Chase grew confused and repulsed by our attraction to these nihilists. Whether we were conferring on these characters the same smug forgiveness that Meadow did, or whether we were vicariously experiencing the thrill of shredding the social contract, we grew weirdly close to monsters.

Dr. Melfi’s eventual abandonment of Tony was one of David Chase’s most muscular—and most moral—kinks in our expectations. Melfi fully realises that Tony is a monster. Of course he is. Why hadn’t she seen it? Hadn’t we seen it? Greedy, conniving, duplicitous, murderous. He was there all along. And the rest of his gang.

The final scene, of course, was the real kink in our expectations and it set fans off. In mob dramas we expect our denouement in crimson, but we didn’t get it this time. Instead we got a black screen. After wondering if my power had gone out, I grasped the magnificent, total, poetic eloquence of… nothing. You probably don’t even hear it when it happens, right?

Most viewers felt differently. A few felt that it was an act of perversion. Betrayal. They were, of course, waiting to see Tony’s brains blown out in front of his family and after having rooted for him this whole time. Chase was pissed:

There was so much more to say than could have been conveyed by an image of Tony face down in a bowl of onion rings with a bullet in his head. Or, on the other side, taking over the New York mob. The way I see it is that Tony Soprano had been people’s alter ego. They had gleefully watched him rob, kill, pillage, lie and cheat. They had cheered him on. And then, all of a sudden, they wanted to see him punished for all that. They wanted “justice.” They wanted to see his brains splattered on the wall. I thought that was disgusting, frankly… The pathetic thing—to me—was how much they wanted his blood, after cheering him on for eight years.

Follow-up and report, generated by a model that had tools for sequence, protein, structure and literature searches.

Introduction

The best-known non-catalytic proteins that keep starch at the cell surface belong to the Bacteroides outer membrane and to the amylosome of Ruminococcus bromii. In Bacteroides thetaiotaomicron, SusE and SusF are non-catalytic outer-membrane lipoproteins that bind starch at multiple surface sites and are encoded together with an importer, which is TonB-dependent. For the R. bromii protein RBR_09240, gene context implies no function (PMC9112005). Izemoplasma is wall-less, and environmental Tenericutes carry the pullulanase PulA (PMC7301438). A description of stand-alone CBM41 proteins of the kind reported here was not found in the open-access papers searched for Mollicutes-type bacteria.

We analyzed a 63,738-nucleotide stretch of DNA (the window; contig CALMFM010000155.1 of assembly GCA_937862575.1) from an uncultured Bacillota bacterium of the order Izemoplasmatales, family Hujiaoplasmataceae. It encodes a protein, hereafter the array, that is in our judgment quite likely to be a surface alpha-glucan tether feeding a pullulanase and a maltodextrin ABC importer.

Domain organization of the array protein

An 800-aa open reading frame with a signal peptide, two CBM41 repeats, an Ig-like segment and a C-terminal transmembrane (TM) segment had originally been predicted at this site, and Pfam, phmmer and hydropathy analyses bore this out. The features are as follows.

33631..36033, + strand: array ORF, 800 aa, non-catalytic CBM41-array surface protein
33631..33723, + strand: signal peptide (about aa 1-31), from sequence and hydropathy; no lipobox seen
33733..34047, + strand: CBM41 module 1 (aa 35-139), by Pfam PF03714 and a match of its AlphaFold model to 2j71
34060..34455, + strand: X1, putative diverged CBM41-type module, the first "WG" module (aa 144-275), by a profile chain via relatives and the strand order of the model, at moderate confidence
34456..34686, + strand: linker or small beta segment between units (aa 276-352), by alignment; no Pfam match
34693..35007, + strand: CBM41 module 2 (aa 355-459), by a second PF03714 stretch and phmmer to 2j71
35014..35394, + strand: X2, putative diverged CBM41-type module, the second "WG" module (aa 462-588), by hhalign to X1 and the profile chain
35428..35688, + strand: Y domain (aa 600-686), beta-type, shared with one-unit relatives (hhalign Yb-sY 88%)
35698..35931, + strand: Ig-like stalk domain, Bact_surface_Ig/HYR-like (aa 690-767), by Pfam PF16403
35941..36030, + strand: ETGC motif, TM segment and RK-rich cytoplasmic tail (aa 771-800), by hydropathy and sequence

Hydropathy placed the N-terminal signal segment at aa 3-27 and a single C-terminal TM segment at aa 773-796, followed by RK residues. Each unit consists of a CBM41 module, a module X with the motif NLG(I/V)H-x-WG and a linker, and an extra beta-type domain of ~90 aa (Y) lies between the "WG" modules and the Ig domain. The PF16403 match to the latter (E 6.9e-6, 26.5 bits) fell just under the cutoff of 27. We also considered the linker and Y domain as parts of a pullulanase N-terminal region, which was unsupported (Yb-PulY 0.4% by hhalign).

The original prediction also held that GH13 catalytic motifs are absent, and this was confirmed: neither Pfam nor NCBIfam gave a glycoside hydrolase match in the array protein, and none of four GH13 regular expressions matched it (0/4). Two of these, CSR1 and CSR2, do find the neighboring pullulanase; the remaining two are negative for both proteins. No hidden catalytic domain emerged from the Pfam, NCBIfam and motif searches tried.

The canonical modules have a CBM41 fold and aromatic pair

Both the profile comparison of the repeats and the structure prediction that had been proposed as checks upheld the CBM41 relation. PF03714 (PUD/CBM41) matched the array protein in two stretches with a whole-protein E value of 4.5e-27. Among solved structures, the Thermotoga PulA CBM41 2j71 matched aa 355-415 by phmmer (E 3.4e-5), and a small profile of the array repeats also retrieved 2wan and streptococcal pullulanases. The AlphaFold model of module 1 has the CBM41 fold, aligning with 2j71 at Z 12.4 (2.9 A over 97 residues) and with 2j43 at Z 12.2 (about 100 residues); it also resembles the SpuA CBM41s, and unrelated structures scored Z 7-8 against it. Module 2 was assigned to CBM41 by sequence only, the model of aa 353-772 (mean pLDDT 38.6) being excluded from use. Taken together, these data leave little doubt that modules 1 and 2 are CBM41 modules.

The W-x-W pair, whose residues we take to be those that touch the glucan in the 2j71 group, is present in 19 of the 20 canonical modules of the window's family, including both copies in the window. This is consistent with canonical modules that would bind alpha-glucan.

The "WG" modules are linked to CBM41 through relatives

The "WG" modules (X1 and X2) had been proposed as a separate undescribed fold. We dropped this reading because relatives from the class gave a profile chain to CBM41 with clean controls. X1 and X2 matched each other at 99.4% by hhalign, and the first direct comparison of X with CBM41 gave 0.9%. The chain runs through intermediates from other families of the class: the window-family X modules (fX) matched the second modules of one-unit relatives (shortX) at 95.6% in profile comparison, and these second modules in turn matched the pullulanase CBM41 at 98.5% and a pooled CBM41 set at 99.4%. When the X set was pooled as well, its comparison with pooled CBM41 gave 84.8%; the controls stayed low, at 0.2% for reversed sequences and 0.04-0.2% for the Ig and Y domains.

So why watch it? The acting was remarkable, the writing supreme. The language could be funny or ordinary, developing its own mobster patois, a combination of tough guy talk and malapropisms. The show constantly surprised, spinning off smaller arcs that beguiled us before ending abruptly in a pool of blood or a witness protection program. The Vito arc, anyone?

But the twists and turns of The Sopranos wasn’t just good drama—Chase was constantly slapping our sympathy for Tony out of our hands. There was a moral insistency in this. “He’s evil, remember?” he seemed to keep saying to us. “Abandon your love for him.”

And yet, despite the evil, we were recognisable somewhere in that show. Tony’s home life gave us shocks of recognition, whether it was the ebbs and flows of his estrangement and intimacy with his children, or his toxic relationship with his vile and self-pitying mother (of course, this being The Sopranos, his mother tries to whack him).

It was a show mercilessly, bravely filled with death and depression, guilt and paranoia, but also barbecues and bills, bratty sons and broken curfews. There were meditations on the sublime, there were explorations of the sub-conscious. It was Shakespeare—both his comedies and his tragedies—and it was also soap. In real life, the FBI were not only watching it, but were listening in on mobsters who were watching it—and the mobsters were sure the writers had some wiseguy in on the inside. 

The Sopranos was rich. Amongst the rivers of blood and money, there were genuine relationships brokered as much by love as distrust. And the relationships existed between a great, undulating mass of characters each inhabiting worlds and places lovingly, painstakingly detailed. I might not have liked anyone, but they were flesh and blood and they lived in real places. Chris Moltisanti could work just as earnestly on his film script as he could shoot dead a snitch.

I’m glad it’s over. Chase’s vision was, for all of the humour, as black as that last shot. It was powerfully and purposefully dark, but it was exhausting nonetheless.  And the tug of that funk got stronger and stronger. Redemption would not be found here. That thing of theirs was already in motion, a sort of perpetual machine of nihilism. Tony Soprano was Ouroboros, and the rest is darkness.

Leave a Reply

Your email address will not be published. Required fields are marked *

Archives
Categories